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D Vardy's Shadow

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  1. Agreed, unless the money was already confirmed to be in a scheme. But I would be asking the receiver to confirm - if it is not in a scheme, it would have to add to the debts the receiver is managing.
  2. Traps never look like traps before you fall into them.
  3. Hmm, I do suspect the Agents are on the take from Southern Electric for moving tenats over. I have seen similar requirements mentioned elsewhere, even on existing tenancies and the funny thing is, it always involves a move to Southern Electric
  4. Hmm. Is the Receiver actually a new landlord or is he merely administering the estate of the bankrupt? Personally, if I were tenant here, I would not worry about not getting a Section 14 - I would just ask Receiver to provide a copy of the court order and an undertaking to indemnify me against all claims by the LL.
  5. As the SI is about 'undesirable practices' on the part of estate agents, I read this as being a warning not to tell sellers that they have 'dozens of prequalified buyers waiting for properties just like this' at the time of selecting an agent to put a property on the market. As far as dealing with buyers is concerned, the agent could comply by not making any checks or representations, leaving it to the solicitors.
  6. You don't need to go any further towards the exchange. BT are responsible up to the test socket. Don't let them plug the faceplate in.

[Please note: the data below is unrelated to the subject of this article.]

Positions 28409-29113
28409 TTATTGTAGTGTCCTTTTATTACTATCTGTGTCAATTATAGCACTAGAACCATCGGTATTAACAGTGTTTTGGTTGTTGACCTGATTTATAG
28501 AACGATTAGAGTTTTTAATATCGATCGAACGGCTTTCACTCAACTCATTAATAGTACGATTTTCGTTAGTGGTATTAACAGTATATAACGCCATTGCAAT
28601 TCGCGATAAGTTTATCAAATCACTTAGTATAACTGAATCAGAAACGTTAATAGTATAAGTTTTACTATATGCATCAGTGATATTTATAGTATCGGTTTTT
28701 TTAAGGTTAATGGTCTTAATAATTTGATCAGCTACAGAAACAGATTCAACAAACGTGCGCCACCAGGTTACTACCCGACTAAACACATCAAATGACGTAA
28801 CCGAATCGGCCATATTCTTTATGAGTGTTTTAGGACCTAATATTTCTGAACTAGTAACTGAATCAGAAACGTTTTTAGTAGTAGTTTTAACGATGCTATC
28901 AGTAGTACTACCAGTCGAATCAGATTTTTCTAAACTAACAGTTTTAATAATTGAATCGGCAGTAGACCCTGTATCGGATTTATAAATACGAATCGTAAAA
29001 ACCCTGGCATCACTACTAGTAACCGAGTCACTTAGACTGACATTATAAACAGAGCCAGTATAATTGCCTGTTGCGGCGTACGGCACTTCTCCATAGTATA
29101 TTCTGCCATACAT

7. And this country is great enough and well enough run that the above is a problem. As a nation we know something is wrong, but we have our heads so far up our backsides that we still have this pathetic and stupid belief that we are somehow 'Great' and all the problems come from outside. The EU is the least of our problems. The biggest is ourselves.
  8. 'Springtime for Hitler' fraud. It is the fraud carried out in the musical in thestory line - nothing to do with putting on the show in the real world. At core, an asset producing a return, but with a risk of substantial loss is sold more than once over, at which point, the people selling the asset have a vested interest in turning it to loss. ie sell twice over reduce value to 25% pay out 25% twice over PROFIT!
  9. from the quoted article: Selling insurance is pretty boring thanks to regulations that date back to 18th-century England. In a recently published paper in the Connecticut Insurance Law Journal (http://link.reuters.com/fyv38c ), Arthur Kimball-Stanley argues that, in its earliest days, insurance policies were often used to gamble. Policies could be purchased for items that weren't yours, and for amounts greater than the insured property was worth. The moral hazard is obvious: Unregulated insurance gave speculators incentives to destroy property. Are CDS speculators actively destroying property? Take Delphi Corp . When the auto-parts maker filed bankruptcy last fall, investors held $20 billion worth of CDS that referenced only $2.0 billion worth of bonds. This looks like 'Springtime for Hitler' fraud to me. But nobody seems to understand what 'Springtime for Hitler' fraud is, whenever I mention it.